On 3/11/80, the Celtics activated Don Chaney, and placed Chris Ford on the IL. This was reported in the transactions column in the following day’s Globe. The Celtics played a game on 3/11; I don’t know for certain whether these moves were made before or after that game was played, as neither Ford nor Chaney appeared in the game. I strongly suspect that they were made before the game, however. In my experience, movement of players on and off the IL on the day of a game was almost always made before the game was played. This would mean that Chaney was on the active roster for the game on 3/11, and Ford was on the injured list.

On 3/25/80, the Celtics activated Chris Ford, and placed Don Chaney on the IL. This was reported in the transactions column in the following day’s Globe. The Celtics played a game on 3/25; these moves were definitely made before that game was played, as Ford played in the game.
Last edited by MCT on Fri Feb 08, 2019 6:46 pm, edited 1 time in total.
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Re: 1979-80 Boston Celtics Games Played/Started & Transactio

Postby MCT » Fri Feb 01, 2019 3:28 pm

PART II – GAMES STARTED

REGULAR SEASON

MEDIA GUIDE

When I previously worked on the 1980-81 season, I used a 2012-13 Celtics Media Guide as a reference, and noted that it had regular season games started stats going back to the 1979-80 season. When I began working on the 1979-80 season, the first Celtics Media Guide I came across online was the 2015-16 edition. To my surprise, I discovered that it only has games started stats going back to 1982-83.

Most team media guides list games started either as part of season-by-season team stats, or as part of a player register feature with career stats for each player. The Celtics Media Guide is different. It has a single page specifically devoted to games started totals, listing them season by season, followed by Celtics career totals for each player. Over time, as new seasons were added, the page with this information must have become full, leaving no space to add the most recent season. At some point after 2012-13, the team apparently decided to create room by starting to eliminate the earlier seasons.

Fortunately, one can often find team media guides from multiple years back in time still posted online. I was able to locate a 2011-12 edition of the Celtics Media Guide, when the games started stats still went back to 1979-80. For 1979-80, it shows the following:

Bird 82
Archibald 80
Maxwell 80
Ford 73
Cowens 55
Robey 27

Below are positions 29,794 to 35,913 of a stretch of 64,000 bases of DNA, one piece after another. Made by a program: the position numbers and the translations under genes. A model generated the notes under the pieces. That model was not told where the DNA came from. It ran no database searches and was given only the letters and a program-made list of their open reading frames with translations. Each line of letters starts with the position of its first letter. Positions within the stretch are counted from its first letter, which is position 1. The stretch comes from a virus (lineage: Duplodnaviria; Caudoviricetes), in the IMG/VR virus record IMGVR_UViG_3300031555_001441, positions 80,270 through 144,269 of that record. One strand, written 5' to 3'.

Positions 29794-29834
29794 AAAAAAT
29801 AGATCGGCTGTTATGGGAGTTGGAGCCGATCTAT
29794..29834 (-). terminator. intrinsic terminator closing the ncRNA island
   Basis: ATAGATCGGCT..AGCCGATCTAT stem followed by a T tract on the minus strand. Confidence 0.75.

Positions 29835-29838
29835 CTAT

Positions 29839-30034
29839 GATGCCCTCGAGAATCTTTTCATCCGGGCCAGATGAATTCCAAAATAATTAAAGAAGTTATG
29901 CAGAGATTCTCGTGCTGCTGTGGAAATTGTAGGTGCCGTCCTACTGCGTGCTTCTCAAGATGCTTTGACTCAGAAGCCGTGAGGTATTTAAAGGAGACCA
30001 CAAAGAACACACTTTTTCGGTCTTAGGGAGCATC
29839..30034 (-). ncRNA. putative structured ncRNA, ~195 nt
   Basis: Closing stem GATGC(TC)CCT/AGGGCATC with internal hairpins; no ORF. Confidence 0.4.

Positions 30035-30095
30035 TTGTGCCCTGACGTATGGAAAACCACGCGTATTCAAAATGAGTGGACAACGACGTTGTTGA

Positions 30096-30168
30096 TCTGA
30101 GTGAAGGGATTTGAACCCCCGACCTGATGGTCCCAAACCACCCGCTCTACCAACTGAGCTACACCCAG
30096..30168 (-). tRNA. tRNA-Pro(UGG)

Carr 7
Maravich 4
Henderson 2

Incidentally, I also found a 2006-07 Celtics Media Guide online, and it also goes back to 1979-80. So if the Celtics Media Guide has ever had games started stats back any further than 1979-80, it wasn’t anytime recently.

TSN BOX SCORES

Every TSN box score for the 1979-80 Celtics appears to list the players in “starters first” F-F-C-G-G order. The games started totals for all players are in agreement with those in the Celtics Media Guide.

NOTES/DISCREPANCIES

N/A

PLAYOFFS

As far as I can see, the Celtics Media Guide does not have games started stats for the playoffs.

The TSN box scores show the same five players who were the usual starters for most of the regular season (the first five players on the list above) starting every game in the playoffs, with one exception. The one exception is that Rick Robey is shown starting Game 2 of the Houston series in place of Dave Cowens. This was the Celtics’ second playoff game. Cowens played in this game, but is shown coming off the bench.

While we don’t have any info from a media guide to check it against, I am assuming what is shown in the TSN box scores is accurate. One would expect that the five players who started for most of the regular season would continue to start in the playoffs, and aside from the one exception, that’s what the TSN box scores show. As for the one exception, Cowens appears to have battled injuries for much of the second half of the season, and Robey made a number of starts in his place. This includes the final two games of the regular season, when Cowens didn’t play. Against that backdrop, it is plausible that Robey would have started one playoff game in place of Cowens, especially a game early in the Celtics’ playoff run.

B-R.COM’S GAME LOG FEATURE

When b-r.com first added its game log feature several years ago, it used the TSN box scores as its original source for every season that TSN ran them (1966-67 through 1980-81). Since games started was not an official NBA statistic during that period, and the TSN box scores didn’t explicitly identify the players who started each game, b-r.com’s game log feature did not have any games started data for these seasons. Over time, however, b-r.com has collected additional box score data. In some cases, this includes data for statistical categories that do not appear in the TSN box scores. For some games, this includes explicit identification of the starters. As of February 2019, b-r.com’s game log feature has games started data for 48 of the 1979-80 Celtics’ regular season games, and five of their nine playoff games (the five games of the Philadelphia series). For all of those games, the players identified as the starters in b-r.com’s game log match the first five players in the TSN box scores.
Last edited by MCT on Fri Feb 08, 2019 6:48 pm, edited 1 time in total.
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Re: 1979-80 Boston Celtics Games Played/Started & Transactio

Postby MCT » Fri Feb 01, 2019 3:34 pm

PART III – SAMPLE ROSTER

The sample roster below shows the Celtics’ roster as it looked in late February, after Dave Cowens was activated from the injured list on 2/26/80. The players identified as the starters (the first five players) are the players who made the most starts at each position.